The court held a Frye-Reed Hearing on March 27, 2014. The plaintiffs’ expert witness was Joyanna Lee Silberg, Ph.D. Since 1997, she has been the head of the Childhood Trauma Unit of the Sheppard Pratt Health System. Dr. Silberg testified that dissociative amnesia is generally accepted in the scientific community. She testified that "the condition has been repeatedly observed clinically and recognized scientifically in peer-reviewed journal articles and studies."

The defendant’s expert witness was Harrison Pope, M.D., professor of psychiatry at Harvard Medical School and Director of the Biological Psychiatry Laboratory and McLean Hospital. Dr. Pope disagreed "that a patient could completely forget a traumatic event but recall it at some later date." He testified that "dissociative disorder" or "repressed memory" is not generally accepted in the scientific community."

At the conclusion of the hearing, Judge Ronald B. Rubin [1] issued a statement saying that "dissociative amnesia has been sufficiently tested by the psychiatric and psychological community using research methods generally applied in those fields and that it is generally accepted."

Attorney for the Plaintiffs was Steven A. Vangrack of Steven Vangrack Law, P.C., Rockville, Maryland.

Attorneys for the Defendant were Levi S. Zaslow and Timothy Maloney of Joseph, Greenwald and Laake, P.A., Greenbelt, MD

Judge Dolan’s opinion can be found here: Dixson Frye-Reed Decision

The trial is scheduled to begin on June 9, 2014.

* * * * * * * * * *


It is disturbing to see any chipping away of the gains that were made in the past two decades to prevent "junk" science about memory from the courtroom. But it can be constructive to examine some of the reasoning.

Judge Rubin was especially dismissive of Harrison Pope’s peer-reviewed 1999 study of psychiatrists stating: "Dr. Pope’s after-the-fact "survey" of a small number of psychiatrists who are dissatisfied with the work of the DSM committees, is not persuasive evidence of anything other than that some doctors disagree." The judge also wrote "Although there are some 36,000 physician members of the APA, Dr. Pope sent a questionnaire to 406 individuals." These seem naive comments given the ubiquitous use of statistical sampling.

It is unfortunate that Judge Rubin did not read the Boysen & VanBergen paper described in the first part of this news alert that addressed the issue of whether dissociative identity disorder was an accepted and well-researched subject in psychopathology. Those authors concluded: "Overall, DID is still a topic of study, but the research lacks the productivity and focus needed to resolve ongoing controversies surrounding the disorder." Indeed, DID continues to be embroiled in ongoing controversies and as such cannot be said to have been accepted by the relevant scientific community.

Rubin’s decision stated: "The court finds that the DSM-5 ‘is the handbook used by health care professionals in the United States and much of the world as the authoritative guide to the diagnosis of mental disorders.’ It is the ‘gold standard’ by which mental health professionals diagnose patients and, ultimately, bill private and public health insurers for treatment. The court finds that its mental health criteria, including dissociative amnesia, are generally accepted in the relevant scientific community."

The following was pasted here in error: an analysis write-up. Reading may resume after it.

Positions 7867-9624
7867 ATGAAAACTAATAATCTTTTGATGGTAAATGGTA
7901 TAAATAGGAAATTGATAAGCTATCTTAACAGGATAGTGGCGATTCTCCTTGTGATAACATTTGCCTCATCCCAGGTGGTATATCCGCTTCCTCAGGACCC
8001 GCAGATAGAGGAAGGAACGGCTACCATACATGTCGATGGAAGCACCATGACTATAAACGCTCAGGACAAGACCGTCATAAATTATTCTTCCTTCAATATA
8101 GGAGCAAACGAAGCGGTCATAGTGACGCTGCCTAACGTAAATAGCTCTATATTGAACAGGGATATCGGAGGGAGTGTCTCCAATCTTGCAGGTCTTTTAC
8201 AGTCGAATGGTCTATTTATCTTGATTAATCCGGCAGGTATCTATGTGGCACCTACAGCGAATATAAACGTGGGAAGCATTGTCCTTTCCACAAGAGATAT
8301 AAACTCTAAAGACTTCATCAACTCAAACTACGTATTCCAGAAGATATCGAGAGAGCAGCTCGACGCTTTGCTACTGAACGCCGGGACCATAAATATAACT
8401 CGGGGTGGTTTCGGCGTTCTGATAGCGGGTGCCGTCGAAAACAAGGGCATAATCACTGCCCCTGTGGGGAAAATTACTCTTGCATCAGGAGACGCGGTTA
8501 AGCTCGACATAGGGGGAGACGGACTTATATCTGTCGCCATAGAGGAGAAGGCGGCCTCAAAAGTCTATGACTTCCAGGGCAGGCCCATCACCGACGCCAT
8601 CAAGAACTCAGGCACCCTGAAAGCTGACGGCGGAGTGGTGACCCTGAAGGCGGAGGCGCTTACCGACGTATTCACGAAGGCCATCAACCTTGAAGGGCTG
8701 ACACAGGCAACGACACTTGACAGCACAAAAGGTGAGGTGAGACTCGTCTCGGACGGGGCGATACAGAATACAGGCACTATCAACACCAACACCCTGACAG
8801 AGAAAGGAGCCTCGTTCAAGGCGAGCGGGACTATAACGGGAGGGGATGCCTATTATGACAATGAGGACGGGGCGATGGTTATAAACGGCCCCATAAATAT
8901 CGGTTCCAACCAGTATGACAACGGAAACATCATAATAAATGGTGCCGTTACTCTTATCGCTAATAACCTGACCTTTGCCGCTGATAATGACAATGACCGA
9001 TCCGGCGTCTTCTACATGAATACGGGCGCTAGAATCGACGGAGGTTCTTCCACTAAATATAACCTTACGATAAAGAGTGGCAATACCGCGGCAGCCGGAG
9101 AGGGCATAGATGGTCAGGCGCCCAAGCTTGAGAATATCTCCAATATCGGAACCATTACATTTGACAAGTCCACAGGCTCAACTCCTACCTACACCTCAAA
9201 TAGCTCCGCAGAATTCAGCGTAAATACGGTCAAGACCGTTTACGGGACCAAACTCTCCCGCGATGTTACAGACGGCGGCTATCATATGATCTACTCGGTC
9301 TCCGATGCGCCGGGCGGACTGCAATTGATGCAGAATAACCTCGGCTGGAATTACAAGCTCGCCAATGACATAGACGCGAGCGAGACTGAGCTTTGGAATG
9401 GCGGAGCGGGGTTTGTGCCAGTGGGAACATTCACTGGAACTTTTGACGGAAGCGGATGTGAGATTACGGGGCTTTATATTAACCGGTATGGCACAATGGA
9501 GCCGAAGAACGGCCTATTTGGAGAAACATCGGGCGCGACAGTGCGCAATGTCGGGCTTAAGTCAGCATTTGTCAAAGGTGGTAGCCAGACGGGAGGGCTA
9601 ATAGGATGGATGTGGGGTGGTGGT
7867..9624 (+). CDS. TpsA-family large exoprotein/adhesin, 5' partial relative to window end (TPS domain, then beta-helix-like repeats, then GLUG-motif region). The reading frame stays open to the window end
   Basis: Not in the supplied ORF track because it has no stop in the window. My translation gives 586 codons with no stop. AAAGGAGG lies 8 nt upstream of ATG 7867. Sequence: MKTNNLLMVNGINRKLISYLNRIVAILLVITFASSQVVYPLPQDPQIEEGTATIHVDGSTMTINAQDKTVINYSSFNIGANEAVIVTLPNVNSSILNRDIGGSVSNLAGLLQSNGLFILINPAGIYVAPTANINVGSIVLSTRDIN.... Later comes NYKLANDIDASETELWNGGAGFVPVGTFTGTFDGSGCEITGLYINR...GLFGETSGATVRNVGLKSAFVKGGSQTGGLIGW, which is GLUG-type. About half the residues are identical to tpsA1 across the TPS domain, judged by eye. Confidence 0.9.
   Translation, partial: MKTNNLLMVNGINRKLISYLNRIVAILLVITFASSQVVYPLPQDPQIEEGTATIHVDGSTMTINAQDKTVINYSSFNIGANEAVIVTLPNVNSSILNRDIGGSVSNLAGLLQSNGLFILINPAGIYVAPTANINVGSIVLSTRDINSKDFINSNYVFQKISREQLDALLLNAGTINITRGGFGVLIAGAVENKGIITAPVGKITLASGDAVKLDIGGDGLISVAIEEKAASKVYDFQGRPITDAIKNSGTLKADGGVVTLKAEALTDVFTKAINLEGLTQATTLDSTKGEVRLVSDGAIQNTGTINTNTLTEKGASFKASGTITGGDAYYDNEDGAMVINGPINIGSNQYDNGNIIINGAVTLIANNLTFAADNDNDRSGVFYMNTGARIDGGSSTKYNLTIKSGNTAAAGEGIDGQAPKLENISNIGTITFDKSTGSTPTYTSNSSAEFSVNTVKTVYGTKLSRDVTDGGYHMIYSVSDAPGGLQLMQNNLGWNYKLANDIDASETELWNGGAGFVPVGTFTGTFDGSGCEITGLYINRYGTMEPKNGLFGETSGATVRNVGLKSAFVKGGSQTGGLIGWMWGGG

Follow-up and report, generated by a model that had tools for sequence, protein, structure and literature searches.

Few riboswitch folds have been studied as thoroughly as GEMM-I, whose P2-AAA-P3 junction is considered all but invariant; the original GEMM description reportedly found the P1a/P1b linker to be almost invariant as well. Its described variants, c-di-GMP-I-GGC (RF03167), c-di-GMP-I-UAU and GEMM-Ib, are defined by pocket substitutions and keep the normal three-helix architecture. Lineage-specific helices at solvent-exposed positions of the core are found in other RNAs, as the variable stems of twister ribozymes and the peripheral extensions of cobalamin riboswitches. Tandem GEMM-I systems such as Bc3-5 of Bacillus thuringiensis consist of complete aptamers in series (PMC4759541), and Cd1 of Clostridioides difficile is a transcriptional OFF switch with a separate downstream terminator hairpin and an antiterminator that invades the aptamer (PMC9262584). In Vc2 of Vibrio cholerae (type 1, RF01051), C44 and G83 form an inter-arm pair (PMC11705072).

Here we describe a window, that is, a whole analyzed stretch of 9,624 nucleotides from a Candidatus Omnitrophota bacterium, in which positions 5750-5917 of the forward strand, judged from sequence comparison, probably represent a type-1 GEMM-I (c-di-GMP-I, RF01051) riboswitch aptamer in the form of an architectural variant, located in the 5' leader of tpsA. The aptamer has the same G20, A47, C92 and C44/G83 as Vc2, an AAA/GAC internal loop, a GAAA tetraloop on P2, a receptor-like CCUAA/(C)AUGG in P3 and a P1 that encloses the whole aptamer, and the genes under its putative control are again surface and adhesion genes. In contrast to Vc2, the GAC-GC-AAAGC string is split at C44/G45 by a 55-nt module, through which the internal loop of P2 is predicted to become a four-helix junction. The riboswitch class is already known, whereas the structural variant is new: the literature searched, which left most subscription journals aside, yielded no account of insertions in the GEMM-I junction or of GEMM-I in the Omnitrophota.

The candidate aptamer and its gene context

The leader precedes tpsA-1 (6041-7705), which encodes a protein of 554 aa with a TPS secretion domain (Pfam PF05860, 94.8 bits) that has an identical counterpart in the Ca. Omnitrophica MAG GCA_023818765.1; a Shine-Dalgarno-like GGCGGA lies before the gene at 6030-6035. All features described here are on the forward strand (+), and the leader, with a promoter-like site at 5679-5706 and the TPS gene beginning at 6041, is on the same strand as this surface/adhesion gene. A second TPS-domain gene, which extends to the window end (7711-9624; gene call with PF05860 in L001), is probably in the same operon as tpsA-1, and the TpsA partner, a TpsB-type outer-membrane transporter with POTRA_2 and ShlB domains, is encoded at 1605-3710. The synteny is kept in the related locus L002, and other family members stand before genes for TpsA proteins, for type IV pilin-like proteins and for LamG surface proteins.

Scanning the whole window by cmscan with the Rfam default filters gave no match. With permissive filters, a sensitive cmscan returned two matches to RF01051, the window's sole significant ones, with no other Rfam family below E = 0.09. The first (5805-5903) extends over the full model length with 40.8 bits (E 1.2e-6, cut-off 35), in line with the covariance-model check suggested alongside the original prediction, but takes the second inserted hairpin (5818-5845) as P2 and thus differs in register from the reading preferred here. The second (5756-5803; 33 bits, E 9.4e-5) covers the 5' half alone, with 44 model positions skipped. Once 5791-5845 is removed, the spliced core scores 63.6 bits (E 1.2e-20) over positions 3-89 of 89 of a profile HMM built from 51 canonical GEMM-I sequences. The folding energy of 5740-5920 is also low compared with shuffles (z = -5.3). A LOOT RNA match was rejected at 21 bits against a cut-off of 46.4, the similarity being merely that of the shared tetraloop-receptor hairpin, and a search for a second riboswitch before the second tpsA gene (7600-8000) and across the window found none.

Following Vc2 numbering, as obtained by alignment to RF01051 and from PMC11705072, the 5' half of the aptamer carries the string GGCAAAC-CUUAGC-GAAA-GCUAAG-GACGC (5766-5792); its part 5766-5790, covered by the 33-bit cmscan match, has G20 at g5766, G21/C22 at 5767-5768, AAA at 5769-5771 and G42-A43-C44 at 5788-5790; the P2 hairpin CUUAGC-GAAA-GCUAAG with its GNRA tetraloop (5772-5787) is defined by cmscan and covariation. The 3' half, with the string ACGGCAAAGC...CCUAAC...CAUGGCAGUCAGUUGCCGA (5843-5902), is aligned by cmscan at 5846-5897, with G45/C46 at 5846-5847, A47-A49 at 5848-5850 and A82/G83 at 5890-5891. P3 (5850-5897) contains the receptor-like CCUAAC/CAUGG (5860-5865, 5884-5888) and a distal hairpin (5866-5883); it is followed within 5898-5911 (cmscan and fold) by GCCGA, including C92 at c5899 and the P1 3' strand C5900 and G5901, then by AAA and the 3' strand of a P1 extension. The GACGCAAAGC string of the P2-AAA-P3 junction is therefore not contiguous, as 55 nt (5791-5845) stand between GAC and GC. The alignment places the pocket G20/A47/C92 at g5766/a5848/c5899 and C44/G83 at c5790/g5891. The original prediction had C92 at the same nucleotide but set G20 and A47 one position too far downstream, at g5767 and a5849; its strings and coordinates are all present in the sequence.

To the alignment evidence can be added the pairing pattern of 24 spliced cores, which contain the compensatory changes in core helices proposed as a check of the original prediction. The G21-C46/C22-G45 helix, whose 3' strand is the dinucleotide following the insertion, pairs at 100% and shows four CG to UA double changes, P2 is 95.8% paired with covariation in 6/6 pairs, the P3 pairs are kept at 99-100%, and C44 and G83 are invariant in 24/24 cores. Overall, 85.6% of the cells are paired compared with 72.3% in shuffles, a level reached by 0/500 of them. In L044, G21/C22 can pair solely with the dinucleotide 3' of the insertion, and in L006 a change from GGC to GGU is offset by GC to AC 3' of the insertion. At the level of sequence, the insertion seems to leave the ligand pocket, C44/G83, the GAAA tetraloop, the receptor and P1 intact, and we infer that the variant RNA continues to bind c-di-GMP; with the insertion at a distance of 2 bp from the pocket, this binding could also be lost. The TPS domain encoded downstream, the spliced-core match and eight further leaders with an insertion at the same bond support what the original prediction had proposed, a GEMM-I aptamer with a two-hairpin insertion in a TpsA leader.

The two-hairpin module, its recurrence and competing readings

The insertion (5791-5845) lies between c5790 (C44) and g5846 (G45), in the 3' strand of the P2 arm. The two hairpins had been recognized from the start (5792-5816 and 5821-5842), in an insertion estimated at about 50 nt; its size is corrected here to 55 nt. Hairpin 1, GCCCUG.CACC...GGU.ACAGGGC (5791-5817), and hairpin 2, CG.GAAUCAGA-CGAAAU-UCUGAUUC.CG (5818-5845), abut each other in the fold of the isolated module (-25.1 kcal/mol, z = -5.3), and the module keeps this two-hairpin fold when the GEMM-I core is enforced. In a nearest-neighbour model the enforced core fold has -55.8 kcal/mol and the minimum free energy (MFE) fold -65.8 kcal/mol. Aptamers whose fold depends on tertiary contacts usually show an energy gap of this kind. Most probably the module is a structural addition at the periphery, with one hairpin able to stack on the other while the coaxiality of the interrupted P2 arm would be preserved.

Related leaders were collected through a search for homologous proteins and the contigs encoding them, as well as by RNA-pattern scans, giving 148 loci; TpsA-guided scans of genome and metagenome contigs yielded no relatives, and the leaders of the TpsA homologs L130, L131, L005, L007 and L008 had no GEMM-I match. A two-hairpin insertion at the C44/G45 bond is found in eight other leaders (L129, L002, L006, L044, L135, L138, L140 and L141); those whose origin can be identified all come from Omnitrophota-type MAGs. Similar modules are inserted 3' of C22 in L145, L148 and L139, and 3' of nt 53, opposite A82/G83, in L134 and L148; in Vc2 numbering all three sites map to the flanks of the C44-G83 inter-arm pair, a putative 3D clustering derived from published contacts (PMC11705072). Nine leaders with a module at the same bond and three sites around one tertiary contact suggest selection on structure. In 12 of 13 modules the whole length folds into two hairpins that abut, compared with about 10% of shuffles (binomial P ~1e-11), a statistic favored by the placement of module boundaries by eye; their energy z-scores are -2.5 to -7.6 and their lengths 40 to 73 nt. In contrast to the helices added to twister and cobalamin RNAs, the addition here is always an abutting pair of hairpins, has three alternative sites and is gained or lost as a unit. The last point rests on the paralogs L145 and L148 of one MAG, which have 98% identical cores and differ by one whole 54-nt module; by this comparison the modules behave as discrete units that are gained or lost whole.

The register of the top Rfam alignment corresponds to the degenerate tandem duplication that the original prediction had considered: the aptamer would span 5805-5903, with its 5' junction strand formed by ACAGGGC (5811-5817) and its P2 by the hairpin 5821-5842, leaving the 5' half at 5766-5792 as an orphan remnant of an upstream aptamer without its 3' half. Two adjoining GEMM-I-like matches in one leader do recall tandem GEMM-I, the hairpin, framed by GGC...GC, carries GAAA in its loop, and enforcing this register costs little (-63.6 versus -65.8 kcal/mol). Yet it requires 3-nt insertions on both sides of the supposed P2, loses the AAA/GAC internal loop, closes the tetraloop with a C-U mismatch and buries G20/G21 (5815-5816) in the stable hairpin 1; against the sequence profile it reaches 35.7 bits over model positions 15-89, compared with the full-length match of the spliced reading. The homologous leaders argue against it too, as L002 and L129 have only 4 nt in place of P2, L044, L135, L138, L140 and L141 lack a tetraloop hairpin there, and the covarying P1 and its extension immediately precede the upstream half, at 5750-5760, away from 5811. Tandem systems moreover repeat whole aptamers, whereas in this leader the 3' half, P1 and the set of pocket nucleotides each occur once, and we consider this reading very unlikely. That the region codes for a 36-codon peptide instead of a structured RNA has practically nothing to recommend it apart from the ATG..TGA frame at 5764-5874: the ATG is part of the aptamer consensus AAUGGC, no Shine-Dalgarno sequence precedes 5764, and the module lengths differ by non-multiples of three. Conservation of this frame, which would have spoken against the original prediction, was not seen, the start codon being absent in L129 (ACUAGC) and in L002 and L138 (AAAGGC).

Although Dr. Pope’s testimony explained why the DSM should not be the basis for determining the scientific status of DID, Judge Rubin was not persuaded. We urge readers to read "But It’s in the DSM" on the FMSF website.

And also to consider the following comments from S. Robbins, Ph.D.

"Given the dual processes of consensus and authority that are used to create the categories and specific diagnoses that are included and excluded, it is crucial to recognize that the DSM is, first and foremost, a socially constructed document. Rather than being based on demonstrable advances toward a scientific understanding of mental distress, it reflects not only the views and interests of the members appointed to the DSM task force, but also the interests of those that provide funding for and benefit from its creation and widespread use."

"Not surprisingly, the changes in DSM-5 engendered considerable controversy, and scathing critiques of the clandestine process and proposed revisions appeared in professional journals, in online blogs, as well as in the mainstream media. Significant concerns were raised about clear financial ties to pharmaceutical companies; the dramatic rise in the use of psychiatric medications, particularly (but not exclusively) in young children; the neglect of social and environmental factors; the increasing medicalization of normal or distressing life experiences; the expansion of psychiatric diagnoses into multiple aspects of life; the stigma of labeling; biological reductionism; the consolidation of some diagnoses and the addition or elimination of others; the lowered threshold required for diagnosis; and the fact that it is unlikely to improve treatment; among other issues (see, for example, Cosgrove, 2010; Francis, 2013; Francis & Jones, 2014; Gambrill, 2013; Smullins, 2013; Wakefield, 2013)."

Robbins, S. (2014). From the Editor - The DSM-5 and Its Role in Social Work Assessment and Research. Journal of social Work Education, Vol. 50, Issue 2, 201-205. Download for free at:

Pope, Jr., H.G. et al., (1999). Attitudes Toward DSM-IV Dissociative Disorder Diagnosis Among Board-Certified American Psychiatrists. American Journal of Psychiatry, 156, 321-323.

1. Judge Rubin presented a paper on "Expert Testimony Under Frye-Reed: Trends and Recent Cases" at the Maryland State Bar Association, March 10, 2011.

For Further reading on the controversies surrounding the DSM see also:

Frances, A. (2013). Saving Normal: An insider’s Revolt Against Out-of-Control Psychiatric Diagnosis, DSM-5, Big Pharma, and the Medicalization of Ordinary Life. William Morrow Publishing

Greenburg, G. (2013). The Book of Woe: The DSM and the Unmaking of Psychiatry. Blue Rider Press

Pam and J. Bean